Philadelphia's colonial history comes alive throughout the region. Familiar sites like the Liberty Bell, Independence Hall
or Betsy Ross's House are a short trip away in Center City. Germantown is about geographically center in the metropolis that
is today's Philadelphia. Like many other outlying villages, Germantown now lies within Philadelphia's city/county limits.
NEARBY HISTORIC SITES:
This early Georgian (1723-1730) brick house on a three-acre site in Germantown, was designed and built by William Penn's secretary,
James Logan. Furnishings include many Philadelphia-made Logan family pieces belonging to the first three generations who lived
4601 North 18th Street
Tues - Sat 1 - 4pm
Maria Dickinson Logan donated her family home, Loudoun, and its contents to the City of Philadelphia in 1939. The 1801 house
is an excellent example of Federal Style architecture with later Greek Revival additions. Fairmount Park completed an exterior
restoration following a disastrous fire in the early 1990s and is currently under interior restoration to be adaptively reused.
Loudoun Park is 1 block away across the street
4650 Germantown Avenue
Philadelphia, PA 19144
Hood Cemetery - Lower Burying Ground
This elaborate arching gate is at the entrance to the lower burying ground, a half-block to the north.
In 1692 Leonard Arets set aside by deed a half-acre of ground for burial purposes for Lower Germantown. Here among the
old trees, rose bushes, and weathered stones lie 41 soldiers who fought in the Revolution and soldiers from War of 1812, the
Seminole War, Mexican War, and Civil War. William Hood, a Germantown resident, gave the money for the front wall and gate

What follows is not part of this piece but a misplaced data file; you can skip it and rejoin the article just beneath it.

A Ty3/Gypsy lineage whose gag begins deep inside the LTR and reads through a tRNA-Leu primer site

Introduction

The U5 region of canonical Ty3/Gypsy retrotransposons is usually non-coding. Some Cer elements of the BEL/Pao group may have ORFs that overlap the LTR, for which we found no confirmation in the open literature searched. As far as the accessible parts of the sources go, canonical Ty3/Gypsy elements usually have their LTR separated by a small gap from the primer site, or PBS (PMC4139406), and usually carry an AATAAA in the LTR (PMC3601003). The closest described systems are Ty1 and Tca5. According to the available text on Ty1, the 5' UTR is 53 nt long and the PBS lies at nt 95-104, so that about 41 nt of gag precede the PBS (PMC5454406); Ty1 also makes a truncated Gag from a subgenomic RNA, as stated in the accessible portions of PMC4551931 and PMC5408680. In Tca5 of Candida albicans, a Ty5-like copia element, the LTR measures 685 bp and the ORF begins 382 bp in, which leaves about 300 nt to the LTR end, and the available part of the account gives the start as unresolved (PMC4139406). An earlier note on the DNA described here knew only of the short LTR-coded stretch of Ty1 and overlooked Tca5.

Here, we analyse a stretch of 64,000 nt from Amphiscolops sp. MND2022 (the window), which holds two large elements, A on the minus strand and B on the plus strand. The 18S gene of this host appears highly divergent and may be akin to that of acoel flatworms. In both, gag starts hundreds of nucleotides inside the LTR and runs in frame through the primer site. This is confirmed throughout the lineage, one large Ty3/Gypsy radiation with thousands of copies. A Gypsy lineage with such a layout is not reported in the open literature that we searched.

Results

in exchange for being allowed to select his own burial spot near the entrance.
Tours arranged through the Germantown Historical Society
Site of First Anti-slavery Meeting by White Settlers in
At Germantown Avenue and Wister Street, about 3 blocks north of here, a historic marker stands on the site of Thones Kunders's
house, the site of the first meetings of the Society of Friends in Germantown. And it is where the first protest against slavery
in the New World was signed in 1688.
A copy of the protest is in the Germantown Mennonite Meeting House. Written by Francis Daniel Pastorius, who struggled
with the English since his native tongue was German, and signed by him, Garret Hendericks, Derick up de Graeff and Abraham
up Den Graef, the protest opposed the importation, sale, and ownership of slaves. The protest contains powerful statements
of this sentiment such as, "...we shall doe (sic) to all men like as we will be done ourselves; making no difference
of what generation, descent or colour they are."
Built in 1744 for wine importer John Wister, Grumblethorpe was the home of Philadelphia's prominent Wister family for more
than 160 years. A prime example of domestic Germantown architecture of the period, construction is dressed Wissahickon stone
and oak from Wister's lands. Today, Grumblethorpe's restoration to a 1744 appearance includes period furnishings and a beautiful
colonial herb and vegetable garden.
5267 Germantown Avenue